The first strange thing about Michel de Montaigne’s “Of Thumbs” is that it reads like a Montaigne essay's worth of historical references, but instead of the quotations from Martial and Horace coming couched in between the author’s own anecdotes, reflections, and arguments, the whole thing is condensed to such a degree that the references are the essay. From Tacitus in the first line to Lacedaemon in the last, the piece is really just a series of notes on the symbolism and history of thumbs in the classical world, six short, bursting paragraphs of examples of the human thumb in law, war, and language:
The doctors say that the thumbs are the master fingers of the hand and that their etymology in Latin is from pollere. The Greeks call it Aντιχєιρ, as though to say “another hand.” And it seems that sometimes the Latins also take it in the sense of the entire hand:
But not excited by the gentle voice,
Nor summoned by the soft thumb, does it rise
It was a sign of favor in Rome to close in and hold down the thumbs —
Your partisan with both his thumbs will praise your game
— and of disfavor to raise them and turn them outward:
When the people’s thumb turns up,
They will kill their man to please them.
There are no interjections of Montaigne’s own opinions about thumbs and their best uses, and certainly no Montaignian digressions about kidney stones, morality, or sleeping habits. The essay is, essentially, a list. There is no connective tissue, which gives it, as a piece of writing, a great sense of pace and a kind of limited depth of field. And like any list, its meaning comes first from the arrangement and juxtaposition of the items it contains. “Of Thumbs” is brief but concentrated, finding room in its scant 350 words for accounts of Roman citizens who cut off their thumbs to avoid military service (apparently the blighty wound of its day), for “barbarian kings” who sealed deals by pricking each other’s thumbs and sucking the other’s blood, and for Greek schoolmasters who bit their students’ thumbs as physical punishment. The examples function kind of like images in a montage, and, after giving a couple sentences of etymology, the images Montaigne selects to focus on become increasingly bloody and specific and human: the knight who “maliciously” cut off his young sons’ thumbs, the gladiators who lived and died by the crowd’s thumb signals, the Aeginetan prisoners of war whose thumbs were severed by their captors so that they could not raise arms again in future. In Montaigne’s juxtaposition of these facts, he makes a case for the thumb as both an instrument of war and a symbol of human frailty, our other Achilles heel.
The essay takes a turn in the second to last paragraph. For the first and only time, Montaigne himself appears, speaking in the first person. “Someone,” he writes, “I don’t remember who, having won a naval battle, had the thumbs of his vanquished enemies cut off.” Someone, I don’t remember who. This is the only time Montaigne addresses us as I. The only time in the essay that the essayist sees fit to remind the reader that he himself is a presence in the piece — that all these images and examples of thumbs were written and revised and ordered by an author, that an essay is always filtered through a human mind — is when he is telling us not what he does know, but what he doesn’t. In this whole piece, Montaigne only makes his presence known in an expression of doubt. (Which is perhaps typical.) Then, suddenly, he comes up with another example, another item for the list, and leaves the stage. It’s an abrupt ending, but its lack of resolution has a certain elegance.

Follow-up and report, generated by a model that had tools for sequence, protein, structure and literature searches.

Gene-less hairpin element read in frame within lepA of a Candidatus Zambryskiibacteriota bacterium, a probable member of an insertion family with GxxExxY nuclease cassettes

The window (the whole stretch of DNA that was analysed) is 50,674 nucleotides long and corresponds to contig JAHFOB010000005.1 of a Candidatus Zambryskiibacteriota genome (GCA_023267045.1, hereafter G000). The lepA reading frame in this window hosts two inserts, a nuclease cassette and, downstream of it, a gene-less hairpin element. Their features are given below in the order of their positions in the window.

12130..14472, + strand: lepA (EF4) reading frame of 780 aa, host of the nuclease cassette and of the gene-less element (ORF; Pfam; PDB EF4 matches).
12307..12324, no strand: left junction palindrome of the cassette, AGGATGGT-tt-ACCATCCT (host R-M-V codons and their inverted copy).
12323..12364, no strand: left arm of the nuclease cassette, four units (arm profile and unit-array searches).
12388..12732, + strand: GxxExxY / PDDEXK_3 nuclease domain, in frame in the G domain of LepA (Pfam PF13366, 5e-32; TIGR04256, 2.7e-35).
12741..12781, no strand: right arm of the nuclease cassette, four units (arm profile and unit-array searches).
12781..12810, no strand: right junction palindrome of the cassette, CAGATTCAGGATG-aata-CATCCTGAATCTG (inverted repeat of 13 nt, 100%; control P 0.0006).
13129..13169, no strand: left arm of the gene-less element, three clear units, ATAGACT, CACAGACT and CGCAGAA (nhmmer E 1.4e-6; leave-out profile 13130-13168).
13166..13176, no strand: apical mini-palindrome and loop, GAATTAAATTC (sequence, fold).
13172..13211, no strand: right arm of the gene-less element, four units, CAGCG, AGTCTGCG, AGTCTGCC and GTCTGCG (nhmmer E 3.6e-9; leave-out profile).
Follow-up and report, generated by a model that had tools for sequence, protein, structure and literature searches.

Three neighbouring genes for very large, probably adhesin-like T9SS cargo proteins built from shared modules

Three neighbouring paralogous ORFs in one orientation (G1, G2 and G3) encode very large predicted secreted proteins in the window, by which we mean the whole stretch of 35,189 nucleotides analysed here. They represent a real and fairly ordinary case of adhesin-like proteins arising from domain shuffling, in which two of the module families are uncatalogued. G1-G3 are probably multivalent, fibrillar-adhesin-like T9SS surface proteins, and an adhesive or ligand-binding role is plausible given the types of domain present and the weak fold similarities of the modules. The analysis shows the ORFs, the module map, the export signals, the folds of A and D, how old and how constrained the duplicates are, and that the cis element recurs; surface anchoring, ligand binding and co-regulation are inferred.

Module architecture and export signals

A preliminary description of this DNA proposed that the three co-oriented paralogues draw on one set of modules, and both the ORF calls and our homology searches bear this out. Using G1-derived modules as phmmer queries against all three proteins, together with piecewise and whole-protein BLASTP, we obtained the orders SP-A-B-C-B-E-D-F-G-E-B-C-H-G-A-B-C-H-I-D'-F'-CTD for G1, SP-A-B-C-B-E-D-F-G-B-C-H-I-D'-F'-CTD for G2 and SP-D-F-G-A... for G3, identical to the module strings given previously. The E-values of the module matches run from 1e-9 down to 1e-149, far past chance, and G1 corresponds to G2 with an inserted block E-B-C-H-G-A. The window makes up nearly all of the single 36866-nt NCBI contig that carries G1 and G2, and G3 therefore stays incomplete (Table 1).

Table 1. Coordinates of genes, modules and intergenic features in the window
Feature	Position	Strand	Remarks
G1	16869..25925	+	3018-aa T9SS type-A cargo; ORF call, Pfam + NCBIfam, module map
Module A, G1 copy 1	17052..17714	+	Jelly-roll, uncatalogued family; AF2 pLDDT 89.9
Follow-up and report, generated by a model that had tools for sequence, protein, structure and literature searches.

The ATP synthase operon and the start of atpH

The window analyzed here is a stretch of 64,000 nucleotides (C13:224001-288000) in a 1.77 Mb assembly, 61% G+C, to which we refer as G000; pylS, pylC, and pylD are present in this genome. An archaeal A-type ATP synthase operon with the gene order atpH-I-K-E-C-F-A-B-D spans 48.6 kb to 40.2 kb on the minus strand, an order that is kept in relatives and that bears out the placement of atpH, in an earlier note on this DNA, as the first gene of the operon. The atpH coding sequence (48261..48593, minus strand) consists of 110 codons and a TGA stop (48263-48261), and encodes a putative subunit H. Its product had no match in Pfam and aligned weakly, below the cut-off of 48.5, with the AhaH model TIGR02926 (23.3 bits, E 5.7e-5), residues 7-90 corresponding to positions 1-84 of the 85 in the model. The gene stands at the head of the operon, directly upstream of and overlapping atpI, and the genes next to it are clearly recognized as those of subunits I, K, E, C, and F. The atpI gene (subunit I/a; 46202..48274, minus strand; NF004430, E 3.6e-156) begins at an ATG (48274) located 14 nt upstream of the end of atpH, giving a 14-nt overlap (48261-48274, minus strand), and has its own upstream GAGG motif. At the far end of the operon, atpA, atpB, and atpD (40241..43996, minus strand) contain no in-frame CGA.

A little bit like a stoner who has spent so long staring at her own hands that she’s only just noticing how weird thumbs are, if you really think about them, I feel like I see thumbs in a new way having looked at them through Montaigne’s eyes. Homo sapiens have more thumb dexterity than any other primate — the pads of our thumbs can touch the pads of any other one of the hand’s fingers, even the pinkie — and this adaptation makes possible so many human activities. Including war, but also writing. Reading Montaigne, I am glad to live in an age where fathers no longer cut off their sons’ thumbs to save them from the draft.
The very brevity and compactness of “Of Thumbs” help to give the reader a sense of Montaigne’s mind in action as he contemplates our first digit. He looks at a mundane part of the human anatomy, and he sees something that contains hidden significance and historical and cultural resonance. This point of view, typical of Montaigne, has a sort of leveling effect across the essays that comprise his oeuvre: he understands the humble thumb as being as worthy of contemplation as his other topics, like education, repentance, the relationship between age and wisdom, and the nature of cowardice. And the essay he gives us has a disjointed quality that is perhaps more revelatory of the feeling of a mind at work, turning over the thumb and studying all of its areas of significance, than some of Montaigne’s longer essays. Someone, I don’t remember who. We feel more keenly in “Of Thumbs” the sense that this is a portrait of a line of inquiry as it is taking shape, and one of the essay’s great joys is that the author chose to preserve that sensation and transfer it so seemingly directly to the reader.
Jenna Sauers is a student in the University of Iowa's nonfiction M.F.A. program. Previously working as a journalist, her work has appeared in the New York Times, GQ, The Village Voice, Bookforum, and the New York Observer, and she was a longtime blogger at Jezebel.